The State of Making 2016
Six sessions of everything you need to know about the state of the maker economy!
In partnership with our friends at Aftcra.
NOTE: This event has already taken place and we just converted it for purchase as a course. We will be updating this page shortly to reflect that the summit is over.
The days are long but the YEARs are short.
They say this about having children, but it also applies to having a business baby. *REALLY* understanding what happened in your business and the entire environment it was living in over a year can be kind of hard to do. Social media, craft shows, wholesale, Etsy... keeping track of all of the changes can make your head spin.
In order to chart the course for our businesses for the holidays and beyond, we are taking a look back with experts, insiders and makers to help us understand what's next. That's why we hosted the first-ever The State of Making online summit back in September.
During the summit we covered:
- Changes on Etsy
- Ecommerce (including Shopify and WooCommerce)
- Trends in wholesale
- The craft show landscape
- New social media and features
- How two makers have weathered the ups and downs of this last year
Want to go into the holidays prepared for whatever is coming your way? We assembled 13 panelists for a deep dive into the year before and thoughts on the one ahead.
All sessions have been recorded already and are available to watch as replays for a fee. As a bonus, you will also receive five bonus worksheets! #ahasmembers are able to watch the recordings for free. If you are a member please email us for details or check the forums for more information.
Session 1: The State of Etsy
We start the summit off with a whole day devoted to the platform that's practically synonymous with handmade: Etsy. By far the biggest "elephant" in the handmade selling sphere. It's where the vast majority of makers get their start. And it's made some pretty big changes since the 2015 holiday season (Pattern and new shop layouts to name two!).
This session will talk with Etsy expert Danielle Spurge and maker Michelle Baines about how they and other makers have weathered Etsy's changes, what trends they've noticed and what they see in the future for the holiday season. Both have run successful Etsy shops and Danielle has helped hundreds of makers do the same!
DANIELLE SPURGE, The Merriweather Council
Danielle is a crafter and craft business consultant to handmade shop owners who want to optimize and leverage their work, and build better brands and businesses. On her blog, The Merriweather Council Blog, Danielle writes to inspire and support makers in business and share insights from her five+ years of experience selling handmade work online. Danielle believes that a creative life is a happy life and works to empower creatives to share their work with confidence. She is also the winner of the 2016 AHAS Award for Best Supporting Business. More info can be found at merriweathercouncil.com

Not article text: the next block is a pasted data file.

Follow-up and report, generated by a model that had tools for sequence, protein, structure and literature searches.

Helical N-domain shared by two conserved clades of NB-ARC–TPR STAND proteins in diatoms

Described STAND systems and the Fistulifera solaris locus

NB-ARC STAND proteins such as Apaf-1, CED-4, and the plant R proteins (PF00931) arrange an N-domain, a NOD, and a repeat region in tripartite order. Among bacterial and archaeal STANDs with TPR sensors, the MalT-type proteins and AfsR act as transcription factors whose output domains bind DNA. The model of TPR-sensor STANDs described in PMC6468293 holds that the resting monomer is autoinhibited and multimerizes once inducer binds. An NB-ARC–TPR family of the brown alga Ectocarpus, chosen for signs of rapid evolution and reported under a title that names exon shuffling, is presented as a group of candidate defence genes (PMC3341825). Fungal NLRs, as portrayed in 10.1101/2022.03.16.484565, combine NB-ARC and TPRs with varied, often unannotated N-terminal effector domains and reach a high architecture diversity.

Michelle Baines, Four Letter Word Cards
Four Letter Word Cards was started November 1st, 2014 on Etsy. 6600 sales later, we're now in our second full year and business is continually growing. Etsy has allowed the dream of a full time business to come to fruition.
Session 2: The State of Ecommerce
Shopify, Woocommerce, Amazon Handmade, Aftcra and more. We look at the ways you can sell your product without being on Etsy and what the future of these outlets are as Etsy's platform changes. Arianne and Jeff will share their knowledge as designers who help indie businesses establish an online presence. They have great insight into what tools and resources are available to makers to make 2017 the best yet!
Arianne Foulks, Aeolidia
Arianne Foulks is captain and founder of Aeolidia, a web and graphic design studio that has been working with creative, design-oriented shops since 2004. Aeolidia serves those at early stages on their path with an informative blog and supportive community, and meets established businesses at that tipping point where strategic design can be transformative and cause exponential growth.
Jeff Daigle, Denver Business Design consulting (#AHASMEMBER)
I'm the founder of Denver Business Design Consulting, which helps Artists, Makers, and Small Businesses focus on growing their businesses by doing what they love. dbdc provides Branding, Marketing Strategy, and WordPress Website & Woocommerce Online Store design and development that make our clients' businesses more efficient and more effective, leaving our clients with more time to spend on what they started their business to do in the first place.
session 3: THE STATE OF WHOLESALE & TRADE SHOWS
Our wholesale powerhouse duo includes a retailer, two product line owners, an author on wholesale and a wholesale coach. Wait... that feels like more than two people. Yet that's all the experience and knowledge we are getting from Lela and Adrienne. They've got every inch of wholesale covered-- including trade shows. We'll pick their brains about changing retailer expectations, business trends and how to ready yourself for the changes ahead.
Lela Barker, Lucky Break Consulting (#AHASmember)